February 12, 2024
Recent statistics indicate that the typical individual dedicates approximately 3 hours and 15 minutes daily to their smartphone usage. Furthermore, about 20% of smartphone users average more than 4.5 hours on their devices each day.
Interestingly, people tend to use their smartphones more on weekdays than on weekends. On average, they look at their phones 58 times a day. Over half of these checks, around 30 times a day, happen during work hours.
The Philippines leads with the highest average daily smartphone usage at 5 hours and 47 minutes. In contrast, Japan has the lowest average at 1 hour and 29 minutes per day. Meanwhile, in India, the average time spent on smartphones is 4 hours and 5 minutes.
The global mobile industry, valued at over $1 trillion, is experiencing continuous growth year after year. Since 2016, the number of smartphone users has consistently increased and is expected to maintain this upward trend for at least the next five years. In 2016, the world saw around 3.67 billion smartphone subscriptions. This figure has seen an annual increase of between 300 million to 800 million, reaching an estimated 6.57 billion in 2022. Projections suggest that by 2027, there will be around 7.69 billion smartphone subscriptions, nearly matching the current global population, falling short by just 200 million.
The smartphone market in India, boasting over 600 million users, has a diverse age demographic, with 53% of its users being between the ages of 18 and 24.
For a lot of us, checking our phones is the first thing we do when we wake up and the last thing before we go to bed. It's a constant urge, controlled by chemicals in our brains.
One specific chemical, dopamine, is often pointed out for causing this behavior. It's known as the 'feel-good' chemical because it helps control the brain's reward system.
However, it's not only the feeling of pleasure that affects us – our brain's dopamine receptors also react to the expectation of something enjoyable. This anticipation is what drives us to keep checking our phones.
Mobile games and social media applications are crafted to keep that urge going.
Dr. Mahesh Gowda, a leading psychiatrist at Spandana Hospitals in Bangalore, thinks that smartphones are like syringes, providing a constant flow of 'digital dopamine' to billions of people.
Mahesh explains that digital media triggers the same area of our brains that drugs and alcohol do, releasing dopamine. With regular use, our brains adjust by reducing dopamine activity. This can happen through the shrinking of dopamine receptors.
With continuous exposure, our brains can end up in a state where there's not enough dopamine, leading to feelings of depression, anxiety, trouble sleeping, irritability, and strong desires. When this occurs, we start using digital media not to do something specific, but to escape this low dopamine state and feel better.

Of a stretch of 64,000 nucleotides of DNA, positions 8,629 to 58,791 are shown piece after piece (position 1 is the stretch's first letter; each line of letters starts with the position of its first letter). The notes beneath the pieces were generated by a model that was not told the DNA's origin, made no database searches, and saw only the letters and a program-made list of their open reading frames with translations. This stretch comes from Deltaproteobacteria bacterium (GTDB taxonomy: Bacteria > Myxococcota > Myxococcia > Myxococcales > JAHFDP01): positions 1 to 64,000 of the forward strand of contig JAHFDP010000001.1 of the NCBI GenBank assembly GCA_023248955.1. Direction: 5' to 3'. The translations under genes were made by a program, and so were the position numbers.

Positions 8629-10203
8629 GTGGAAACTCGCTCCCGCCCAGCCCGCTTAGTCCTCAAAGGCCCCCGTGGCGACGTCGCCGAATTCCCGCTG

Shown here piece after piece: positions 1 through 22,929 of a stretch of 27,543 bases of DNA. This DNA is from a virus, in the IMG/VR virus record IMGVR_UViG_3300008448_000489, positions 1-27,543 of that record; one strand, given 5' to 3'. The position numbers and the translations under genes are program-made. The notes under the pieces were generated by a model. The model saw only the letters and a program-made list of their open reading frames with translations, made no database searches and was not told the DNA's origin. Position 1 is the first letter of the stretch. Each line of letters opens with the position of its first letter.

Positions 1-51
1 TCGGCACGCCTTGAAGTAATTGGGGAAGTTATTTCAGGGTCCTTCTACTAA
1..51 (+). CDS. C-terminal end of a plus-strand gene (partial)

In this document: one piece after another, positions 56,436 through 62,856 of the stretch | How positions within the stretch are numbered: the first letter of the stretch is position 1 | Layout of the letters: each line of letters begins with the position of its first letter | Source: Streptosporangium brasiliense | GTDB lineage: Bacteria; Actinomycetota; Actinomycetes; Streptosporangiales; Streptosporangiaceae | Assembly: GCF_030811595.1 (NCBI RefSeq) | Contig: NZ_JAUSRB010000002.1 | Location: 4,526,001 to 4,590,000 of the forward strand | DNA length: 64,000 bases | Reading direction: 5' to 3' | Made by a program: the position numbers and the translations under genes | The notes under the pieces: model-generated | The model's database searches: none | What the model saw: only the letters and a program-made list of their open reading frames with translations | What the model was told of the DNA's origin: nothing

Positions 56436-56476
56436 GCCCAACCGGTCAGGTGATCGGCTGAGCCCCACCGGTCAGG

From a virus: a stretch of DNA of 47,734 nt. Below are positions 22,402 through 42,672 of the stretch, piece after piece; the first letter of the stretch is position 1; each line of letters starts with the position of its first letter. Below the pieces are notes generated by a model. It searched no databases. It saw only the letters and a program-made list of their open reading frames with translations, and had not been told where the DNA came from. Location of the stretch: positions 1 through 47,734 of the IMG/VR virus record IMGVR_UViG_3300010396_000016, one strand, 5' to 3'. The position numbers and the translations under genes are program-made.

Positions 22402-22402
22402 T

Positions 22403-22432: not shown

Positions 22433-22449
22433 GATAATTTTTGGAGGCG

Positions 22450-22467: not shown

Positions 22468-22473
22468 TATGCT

There's a lot of discussion about whether addictions to behaviors, such as excessive social media use, should be considered as serious as drug addictions. Some people argue they shouldn't be compared because, although using digital media does lead to more dopamine being released, it's much less than what drugs like cocaine or methamphetamines release.
Cocaine and methamphetamines are powerful, addictive stimulant drugs that significantly increase dopamine levels in the brain, leading to intense euphoria or happiness and high risk of addiction.
Whether we're addicted or not, we in India spend an average of four hours a day on our phones. Many of us likely want to reduce that time. So, could we use what we know about how our brain's reward system works to reduce our phone usage? It might be possible.
Dopamine fasting is a concept you might have come across, ironically, on social media platforms like Instagram. It's a type of meditation or cognitive behavioral therapy aimed at controlling impulsive behaviors and altering habits. The strategy involves deliberately avoiding overstimulating activities - like social media - for a brief period to manage compulsive urges.
Cognitive behavioral therapy focuses on changing thought patterns to manage and reduce impulsive actions, helping individuals make better choices and control their behaviors more effectively.
Supporters say that taking a short break helps them enjoy their real interests more and improves their relationship with technology. However, critics argue that there's not much proof to back up these statements.
Still, experts studying too much social media use usually think that some form of digital break is beneficial.
"I really support taking breaks from social media," says Dr. A Jagadish, a well-known psychiatrist at Abhaya Hospitals in Bangalore. "A weekend without it can help change habits so that regular social media use might be reduced."
"My observations and experiences show that spending time with friends and family outside of social media, in the real world, results in positive feelings, strengthens bonds, and enhances feelings of togetherness," Jagadish notes. "Therefore, meeting a friend for coffee might be more fulfilling than chatting with them through Messenger."